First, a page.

Is the New York Liquidation Bureau a State Agency?

March 20, 2007

A recent Appellate Division decision has again raised the question of what exactly is the New York Liquidation Bureau — a state agency, subject to all the oversight imposed on any other state agency, a private employees of the Superintendent of Insurance in his fiduciary role as receiver of insolvent insurers, or some other kind of hybrid?

As early as 1988 the lower courts of New York had held that the Liquidation Bureau was not a state agency and therefore not subject to the Freedom of Information Act. See Consolidated Edison Company of New York, Inc. v. The Insurance Department of the State of New York, 532 NY Supp.2d, 140 Misc.2d 969 (Sup.Ct., NY County, 1988). Thus when the State Comptroller sought to audit the activities of the Liquidation Bureau and issue subpoenas to Liquidation Bureau personnel, the lower court quashed the subpoenas under the Con Ed line of cases. The Appellate Division, First Department, however, has overturned this decision and reinstated the subpoenas concluding in a 3 to 2 decision that the Superintendent of Insurance is a State Officer, and the Liquidation Bureau is therefore carrying out the functions of a State Officer. Hence it is a State Agency subject to audit by the Comptroller. Serio v. Hevesi, 2007 NY Slip Op 01820 (App. Div., 1st Dept., March 6, 2007). The decision can be obtained from the New York Unified Court System web site at, or by contacting me at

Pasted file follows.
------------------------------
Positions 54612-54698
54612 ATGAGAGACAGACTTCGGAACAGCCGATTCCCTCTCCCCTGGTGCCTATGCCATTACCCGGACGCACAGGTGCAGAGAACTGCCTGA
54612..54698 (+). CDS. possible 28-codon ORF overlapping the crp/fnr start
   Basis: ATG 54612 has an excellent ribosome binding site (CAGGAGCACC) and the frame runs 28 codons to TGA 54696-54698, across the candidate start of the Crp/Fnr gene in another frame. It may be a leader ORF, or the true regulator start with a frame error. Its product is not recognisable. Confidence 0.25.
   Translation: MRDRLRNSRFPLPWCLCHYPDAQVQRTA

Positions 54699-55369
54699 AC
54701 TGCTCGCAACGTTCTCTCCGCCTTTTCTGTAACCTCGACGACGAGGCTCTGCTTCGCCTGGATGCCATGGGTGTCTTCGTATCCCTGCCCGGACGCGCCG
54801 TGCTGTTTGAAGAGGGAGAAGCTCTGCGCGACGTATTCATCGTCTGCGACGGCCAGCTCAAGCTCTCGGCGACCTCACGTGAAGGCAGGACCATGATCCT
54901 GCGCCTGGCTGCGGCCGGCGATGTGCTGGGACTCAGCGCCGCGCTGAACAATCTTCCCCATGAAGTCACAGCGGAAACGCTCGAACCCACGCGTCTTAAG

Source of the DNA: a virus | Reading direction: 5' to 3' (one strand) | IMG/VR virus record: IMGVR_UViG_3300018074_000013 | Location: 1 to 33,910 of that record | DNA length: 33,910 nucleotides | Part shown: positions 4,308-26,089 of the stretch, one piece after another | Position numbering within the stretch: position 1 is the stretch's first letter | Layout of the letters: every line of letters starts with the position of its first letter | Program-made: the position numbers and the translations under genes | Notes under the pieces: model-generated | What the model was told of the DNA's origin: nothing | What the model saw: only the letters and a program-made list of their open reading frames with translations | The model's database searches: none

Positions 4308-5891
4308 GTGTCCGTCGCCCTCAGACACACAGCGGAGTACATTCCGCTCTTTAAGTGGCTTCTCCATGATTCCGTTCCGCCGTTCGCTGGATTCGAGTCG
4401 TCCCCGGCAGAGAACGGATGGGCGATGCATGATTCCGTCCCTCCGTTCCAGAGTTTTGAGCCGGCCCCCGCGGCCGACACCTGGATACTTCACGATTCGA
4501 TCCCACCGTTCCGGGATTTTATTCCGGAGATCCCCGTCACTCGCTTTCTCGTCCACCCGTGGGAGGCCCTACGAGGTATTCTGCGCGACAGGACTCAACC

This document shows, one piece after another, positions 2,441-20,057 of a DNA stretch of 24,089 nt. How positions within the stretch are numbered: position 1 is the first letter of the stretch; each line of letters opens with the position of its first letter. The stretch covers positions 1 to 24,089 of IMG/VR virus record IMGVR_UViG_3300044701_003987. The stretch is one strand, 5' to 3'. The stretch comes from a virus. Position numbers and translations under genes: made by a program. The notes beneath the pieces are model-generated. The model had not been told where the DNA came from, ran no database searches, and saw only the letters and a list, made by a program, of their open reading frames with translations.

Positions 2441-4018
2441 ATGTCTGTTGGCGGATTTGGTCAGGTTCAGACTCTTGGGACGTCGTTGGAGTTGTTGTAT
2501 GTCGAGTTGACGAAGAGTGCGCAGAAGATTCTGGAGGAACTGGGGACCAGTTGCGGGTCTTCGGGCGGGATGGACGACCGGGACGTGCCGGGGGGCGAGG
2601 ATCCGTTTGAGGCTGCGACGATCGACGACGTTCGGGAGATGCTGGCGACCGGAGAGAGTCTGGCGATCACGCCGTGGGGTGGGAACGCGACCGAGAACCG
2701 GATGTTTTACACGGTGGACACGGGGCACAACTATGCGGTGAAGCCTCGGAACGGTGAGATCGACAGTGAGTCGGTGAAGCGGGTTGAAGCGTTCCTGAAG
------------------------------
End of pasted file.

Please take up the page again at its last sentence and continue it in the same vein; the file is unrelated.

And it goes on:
The core of the majority opinion is that as a State Officer, the handling of any funds under the Superintendent’s control are subject to audit by the Comptroller. The dissent disagrees, however, stating that the funds of insolvent insurers are private funds “owned” by the creditors and policyholders of the estates, and are not State funds. In this capacity, the Superintendent is a fiduciary subject to the oversight of the Courts, not the Comptroller. The reach of the majority decision, however, could extend far beyond this one issue, and it is quite likely that the decision will be appealed to the Court of Appeals. Stay tuned!

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